CHUNG: Well, they’ve implemented that and that really should be the first thing that this application has, which is a very simple way to get an unsubsidized, accurate quote. Without having to provide any personal information like Social Security number or birth date and things like that. That should be a slam dunk, no-brainer and the most critical part of that application needs to be a comparison matrix that shows all the different plans in some sort of matrix like you’re buying a TV at Best Buy or something like that. All the different features, see if your doctor's on the plan or not, and then a button to buy it, in which case you never need to touch the government system again because you’re not getting a subsidy, or something to estimate your subsidy. Very simple.
JANSING: Yeah, the subsidy is important, though, isn’t it, because a lot of the people who are uninsured right now are people of very low income and a number may come up that is inflated in the sense of it doesn't yet reflect the subsidy, and what the government didn’t want them to do was say, what? Eight hundred dollars a month? When in fact with the subsidy, it could be just a fraction of that.
CHUNG: Well, I think that’s where they were misguided. I think a lot of people, especially people with pre-existing conditions, are paying much higher prices anyway. So even the unsubsidized price would be a real benefit to them. And then the other part is it's really patronizing to suggest that people don't understand what a retail price is, or a manufactured, suggested retail price is, versus the discount price. People get that. We just need to get people through the system as quickly as possible so they can start understanding what their options are. Because before they even buy, they need to know which plan they want, what deductions to take, all the different features for all of these plans and none of that has been shown yet.
JANSING: One expert told The New York Times that up to 5 million lines of software code may need to be re-written to completely fix the website. I wonder if you agree with that, because what we just heard from Cheryl Campbell, the senior VP of CGI, the software company, is that it’s going to be fixed, and it’s going to be fixed in time for people to meet the deadline.
CHUNG: You know, I don't know what CGI brings to the table. Whatever management team was in place that launched on October 1 thought that they delivered a quality product, so I don't see how the same management team can be trusted to come up with a solution because clearly, they don't understand what a enterprise, national rollout-quality product should be. They're not even close.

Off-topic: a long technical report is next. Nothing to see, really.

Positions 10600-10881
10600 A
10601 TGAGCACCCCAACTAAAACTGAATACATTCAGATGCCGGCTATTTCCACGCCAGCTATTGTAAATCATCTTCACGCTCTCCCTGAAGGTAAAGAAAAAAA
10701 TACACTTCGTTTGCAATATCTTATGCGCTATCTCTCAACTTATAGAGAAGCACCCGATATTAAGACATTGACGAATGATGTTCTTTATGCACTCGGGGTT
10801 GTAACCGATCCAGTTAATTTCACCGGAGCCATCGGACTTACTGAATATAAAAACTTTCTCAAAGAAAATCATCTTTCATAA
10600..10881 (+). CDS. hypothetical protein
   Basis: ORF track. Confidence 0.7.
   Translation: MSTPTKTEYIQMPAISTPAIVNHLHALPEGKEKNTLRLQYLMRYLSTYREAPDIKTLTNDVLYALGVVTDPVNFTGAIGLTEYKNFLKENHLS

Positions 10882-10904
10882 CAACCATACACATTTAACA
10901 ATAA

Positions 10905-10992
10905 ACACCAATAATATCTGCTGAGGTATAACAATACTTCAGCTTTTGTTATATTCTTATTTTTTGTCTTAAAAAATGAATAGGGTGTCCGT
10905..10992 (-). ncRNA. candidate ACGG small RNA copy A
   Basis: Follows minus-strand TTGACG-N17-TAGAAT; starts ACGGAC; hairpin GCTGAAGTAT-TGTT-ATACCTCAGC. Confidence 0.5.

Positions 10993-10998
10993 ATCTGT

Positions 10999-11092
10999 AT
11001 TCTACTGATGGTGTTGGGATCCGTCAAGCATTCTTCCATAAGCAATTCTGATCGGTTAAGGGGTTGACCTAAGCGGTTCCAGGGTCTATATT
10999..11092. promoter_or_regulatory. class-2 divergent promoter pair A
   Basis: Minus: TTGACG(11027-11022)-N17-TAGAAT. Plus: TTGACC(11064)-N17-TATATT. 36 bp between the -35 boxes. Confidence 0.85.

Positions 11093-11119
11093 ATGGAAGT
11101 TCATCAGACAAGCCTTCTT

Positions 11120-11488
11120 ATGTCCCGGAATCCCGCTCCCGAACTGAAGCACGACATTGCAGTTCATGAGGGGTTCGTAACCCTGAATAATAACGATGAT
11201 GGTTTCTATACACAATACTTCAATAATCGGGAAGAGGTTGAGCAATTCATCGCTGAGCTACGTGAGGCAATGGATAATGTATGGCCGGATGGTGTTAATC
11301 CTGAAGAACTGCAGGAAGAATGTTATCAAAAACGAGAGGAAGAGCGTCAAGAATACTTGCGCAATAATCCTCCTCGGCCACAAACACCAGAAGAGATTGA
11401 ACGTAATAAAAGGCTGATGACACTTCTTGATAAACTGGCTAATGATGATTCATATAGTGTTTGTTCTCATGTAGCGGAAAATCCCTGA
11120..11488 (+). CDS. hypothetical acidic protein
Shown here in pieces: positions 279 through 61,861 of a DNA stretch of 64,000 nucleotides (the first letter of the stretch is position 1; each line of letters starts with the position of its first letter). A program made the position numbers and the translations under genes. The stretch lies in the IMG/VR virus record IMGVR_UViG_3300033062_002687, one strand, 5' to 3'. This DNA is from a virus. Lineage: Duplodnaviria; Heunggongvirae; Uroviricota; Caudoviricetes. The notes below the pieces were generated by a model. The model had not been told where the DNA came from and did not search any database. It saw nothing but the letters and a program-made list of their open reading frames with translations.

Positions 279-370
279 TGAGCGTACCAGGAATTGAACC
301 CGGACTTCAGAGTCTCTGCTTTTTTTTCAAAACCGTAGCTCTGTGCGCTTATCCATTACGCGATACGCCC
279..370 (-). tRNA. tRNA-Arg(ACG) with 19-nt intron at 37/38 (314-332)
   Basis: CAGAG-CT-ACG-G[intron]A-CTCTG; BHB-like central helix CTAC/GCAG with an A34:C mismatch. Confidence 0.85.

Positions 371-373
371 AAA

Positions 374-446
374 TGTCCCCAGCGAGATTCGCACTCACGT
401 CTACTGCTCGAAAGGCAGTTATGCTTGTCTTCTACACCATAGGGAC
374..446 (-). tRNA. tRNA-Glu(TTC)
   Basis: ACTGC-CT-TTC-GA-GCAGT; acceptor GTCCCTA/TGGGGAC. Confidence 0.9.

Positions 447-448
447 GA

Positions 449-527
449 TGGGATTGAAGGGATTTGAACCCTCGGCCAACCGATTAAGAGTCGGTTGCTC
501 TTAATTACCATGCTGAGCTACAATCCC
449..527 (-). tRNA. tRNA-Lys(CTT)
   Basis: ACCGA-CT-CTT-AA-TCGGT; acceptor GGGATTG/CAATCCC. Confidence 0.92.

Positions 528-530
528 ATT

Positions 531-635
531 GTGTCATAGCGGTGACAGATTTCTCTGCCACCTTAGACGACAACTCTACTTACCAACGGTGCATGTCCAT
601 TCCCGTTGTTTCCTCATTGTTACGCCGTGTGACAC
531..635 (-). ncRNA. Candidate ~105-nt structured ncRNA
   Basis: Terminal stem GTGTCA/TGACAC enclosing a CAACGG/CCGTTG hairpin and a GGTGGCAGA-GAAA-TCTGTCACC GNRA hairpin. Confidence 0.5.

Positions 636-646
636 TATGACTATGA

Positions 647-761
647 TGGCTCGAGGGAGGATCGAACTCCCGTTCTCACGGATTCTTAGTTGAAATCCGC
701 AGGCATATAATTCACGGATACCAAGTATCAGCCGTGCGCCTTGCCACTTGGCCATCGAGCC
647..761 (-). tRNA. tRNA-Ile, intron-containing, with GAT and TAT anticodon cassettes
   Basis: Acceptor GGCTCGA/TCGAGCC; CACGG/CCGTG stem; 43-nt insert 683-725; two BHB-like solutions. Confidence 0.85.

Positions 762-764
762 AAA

JANSING: Obviously, there’s – and there always is – some politics involved in this hearing, but if you were asking the questions, what would you want to know?
CHUNG (laughing): You know, this thing is such a mess. It was developed poorly. It looks like it wasn't even tested, but overall, even if they built it right, the design was wrong and design is tied to management. I mean, I would ask some basic questions on, why didn’t you streamline this like a e-commerce site? Why are you asking personal information when you don’t need it? You don’t need that information until somebody actually applies. Why did you set it up so that it doesn’t scale properly when you add more people? They deliberately designed bottlenecks into the system. That clearly shows, in my book, that it was the first time somebody had ever experienced creating a database application.
JANSING: It's that limited in its sophistication?
CHUNG: Absolutely. This was built, I think, by people who were never paid before to create software. I think they just got out of school or something. You know, these government contractors, they win these contracts and then they're incentivized to deliver the cheapest people possible to meet the minimum requirements.
JANSING: She said they have developed other web sites before and that's something that will be looked at. But you have been tracking this, I know you’ve been going on, you know, day after day. Is it getting better?
CHUNG: They’ve tweaked a couple of things there. You showed the site that is supposed to give you the unsubsidized price and that’s still just not done right to make a decision. See, I don't have a problem with people not signing up right now. If I were going to sign up, I wouldn’t sign up right now because the due date isn't until December.
JANSING: So you’d wait, and then they’ll get some of these kinks worked out and it will be a much faster process. At least that's the hope.
CHUNG: Hopefully. I mean, this is not that hard. This is filling out a paper form. Now the president’s telling people to call an 800 number to do it. I mean, this is not rocket science. We're not curing cancer, we're not providing any health care, we’re not even providing health insurance. We're filling out a paper form. Not that hard.
JANSING: Well, but it is confusing. I mean, as someone who has tried to figure out the health care system, as somebody who has health care, anyone who sits around my desk at work will tell you that the level of frustration that I had in the private marketplace was incredibly high.
CHUNG: No question about that. As a small business owner who’s had to buy insurance, I'm not saying the current system is good. So that's why I was on the healthcare.gov site. I wanted alternatives. I wanted options. I don't even know if my current health care plan for my employees is a platinum, gold, silver or bronze level, right? I mean, it's very opaque. So having health care.gov add transparency to the insurance industry is great. That's wonderful.
JANSING: Luke Chung, it is a pleasure to have you on the program. Come back and maybe in a few weeks we'll see how they're doing. Thanks so much.